Laurie Lauzon Clabo, PhD, RN
MGH Institute of Health Professions
Jean Giddens, PhD, RN, FAAN
University of New Mexico Health
Pamela Jeffries, PhD, RN, FAAN
John Hopkins University
Bambi McQuade-Jones, DNP, RN, FNP-C
Boone County Community Clinic
Patricia Morton, PhD, RN, ACNP, FAAN
University of Maryland
Sandra Ryan, MSN, CPNP, FCPP, FAANP
Walgreens—Take Care Health Systems
- Advanced Practice Nursing Consensus Work Group. (2008). Consensus model for APRN regulation: Licensure, accreditation, certification & education. Washington, DC: Author.
- American Academy of Nurse Practitioners. (2012). NP fact sheet. Retrieved from http://www.aanp.org/all-about-nps/np-fact-sheet
- American Association of Colleges of Nursing. (2006). Essentials of doctoral education for advanced nursing practice. Washington, DC: Author.
- American Association of Colleges of Nursing. (2011). Essentials of master’s education in nursing. Washington, DC: Author.
- American Association of Colleges of Nursing. (2012). New AACN data show an enrollment surge in baccalaureate and graduate programs amid calls for more highly educated nurses [Press release]. Retrieved from http://www.aacn.nche.edu/news/articles/2012/enrollment-data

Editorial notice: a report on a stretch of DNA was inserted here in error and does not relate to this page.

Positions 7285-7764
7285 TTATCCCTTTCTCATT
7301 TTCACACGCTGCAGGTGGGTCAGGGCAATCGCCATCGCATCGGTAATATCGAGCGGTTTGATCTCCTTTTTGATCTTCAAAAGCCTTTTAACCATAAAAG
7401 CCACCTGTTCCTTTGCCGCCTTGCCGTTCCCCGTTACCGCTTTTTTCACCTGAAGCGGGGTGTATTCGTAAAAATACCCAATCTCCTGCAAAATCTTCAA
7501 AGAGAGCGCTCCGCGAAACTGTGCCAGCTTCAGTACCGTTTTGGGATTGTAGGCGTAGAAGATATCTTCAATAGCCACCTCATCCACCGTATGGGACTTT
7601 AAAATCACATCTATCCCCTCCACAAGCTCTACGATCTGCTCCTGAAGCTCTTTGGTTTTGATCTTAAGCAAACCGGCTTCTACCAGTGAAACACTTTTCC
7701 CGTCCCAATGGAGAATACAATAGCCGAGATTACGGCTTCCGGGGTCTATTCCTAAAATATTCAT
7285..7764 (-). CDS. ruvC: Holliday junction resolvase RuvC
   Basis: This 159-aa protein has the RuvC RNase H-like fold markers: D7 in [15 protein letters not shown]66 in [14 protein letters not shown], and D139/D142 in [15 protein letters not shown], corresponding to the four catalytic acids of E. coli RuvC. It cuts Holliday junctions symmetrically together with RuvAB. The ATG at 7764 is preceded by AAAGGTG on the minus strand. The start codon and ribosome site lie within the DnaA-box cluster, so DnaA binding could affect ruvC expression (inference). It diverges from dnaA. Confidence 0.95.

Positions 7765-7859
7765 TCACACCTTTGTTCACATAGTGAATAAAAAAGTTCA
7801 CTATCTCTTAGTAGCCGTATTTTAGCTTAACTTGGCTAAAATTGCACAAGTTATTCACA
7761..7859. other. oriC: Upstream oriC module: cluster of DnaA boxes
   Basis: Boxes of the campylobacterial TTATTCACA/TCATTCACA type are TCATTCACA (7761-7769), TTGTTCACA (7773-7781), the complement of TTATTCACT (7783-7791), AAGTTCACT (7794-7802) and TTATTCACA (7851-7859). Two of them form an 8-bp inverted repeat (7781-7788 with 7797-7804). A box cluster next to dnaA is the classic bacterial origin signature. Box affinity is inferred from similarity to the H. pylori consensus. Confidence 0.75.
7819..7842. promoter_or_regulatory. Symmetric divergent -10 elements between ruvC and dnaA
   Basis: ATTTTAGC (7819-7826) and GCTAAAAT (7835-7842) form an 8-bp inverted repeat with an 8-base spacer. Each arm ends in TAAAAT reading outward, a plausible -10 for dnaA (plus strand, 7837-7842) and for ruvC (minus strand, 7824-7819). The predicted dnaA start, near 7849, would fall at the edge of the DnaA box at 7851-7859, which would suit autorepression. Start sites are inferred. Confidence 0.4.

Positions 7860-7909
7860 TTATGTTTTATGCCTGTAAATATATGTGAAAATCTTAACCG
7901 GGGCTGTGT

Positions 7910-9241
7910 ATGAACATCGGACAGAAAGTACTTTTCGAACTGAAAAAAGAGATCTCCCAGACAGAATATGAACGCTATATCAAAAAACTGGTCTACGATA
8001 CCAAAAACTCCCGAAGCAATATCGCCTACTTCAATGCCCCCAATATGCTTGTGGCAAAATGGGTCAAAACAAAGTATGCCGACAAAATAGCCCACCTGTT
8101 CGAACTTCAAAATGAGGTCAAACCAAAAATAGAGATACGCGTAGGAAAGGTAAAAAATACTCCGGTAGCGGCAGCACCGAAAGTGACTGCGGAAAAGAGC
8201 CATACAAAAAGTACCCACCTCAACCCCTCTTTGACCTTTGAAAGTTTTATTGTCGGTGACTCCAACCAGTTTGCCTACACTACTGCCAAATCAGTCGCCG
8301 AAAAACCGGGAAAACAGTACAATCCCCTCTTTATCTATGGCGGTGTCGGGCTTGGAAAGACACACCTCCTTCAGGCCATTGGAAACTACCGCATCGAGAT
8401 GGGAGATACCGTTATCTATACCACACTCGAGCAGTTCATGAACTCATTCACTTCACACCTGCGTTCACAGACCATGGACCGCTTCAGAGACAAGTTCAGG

- Benner, P., Sutphen, M., Leonard, V. & Day, L. (2009). Educating nurses: A call for radical transformation. San Francisco, CA: Jossey-Bass.
- Culliton, B.J. & Russell, S. (Eds.). (2010). Who will provide primary care and how will they be trained [Conference proceedings]? Durham, NC: Josiah Macy, Jr., Foundation.
- Dower, C. & O’Neil, E. (2011). Primary care workforce in the United States. The Synthesis Project, Issue 22. Robert Wood Johnson Foundation.
- Institute of Medicine. (2011). The future of nursing: Leading change, advancing health. Washington, DC: National Academies Press.
- Interprofessional Education Collaborative. (2011). Team-based competencies: Building a shared foundation for education and clinical practice [Conference proceedings]. Durham, NC: Josiah Macy, Jr., Foundation.
- National Organization of Nurse Practitioner Faculties. (2012). Criteria for the evaluation of nurse practitioner programs. Washington DC: Author.
- Robert Wood Johnson Foundation. (2010). Robert Wood Johnson Foundation launches national campaign to advance health through nursing [Press release]. Retrieved from http://www.rwjf.org/humancapital/product.jsp?id=71510
- Tanner, C.A. (2012). Reflections—On leaving the JNE editorship. Journal of Nursing Education, 51, 419–420. doi:10.3928/01484834-20120719-01 [CrossRef]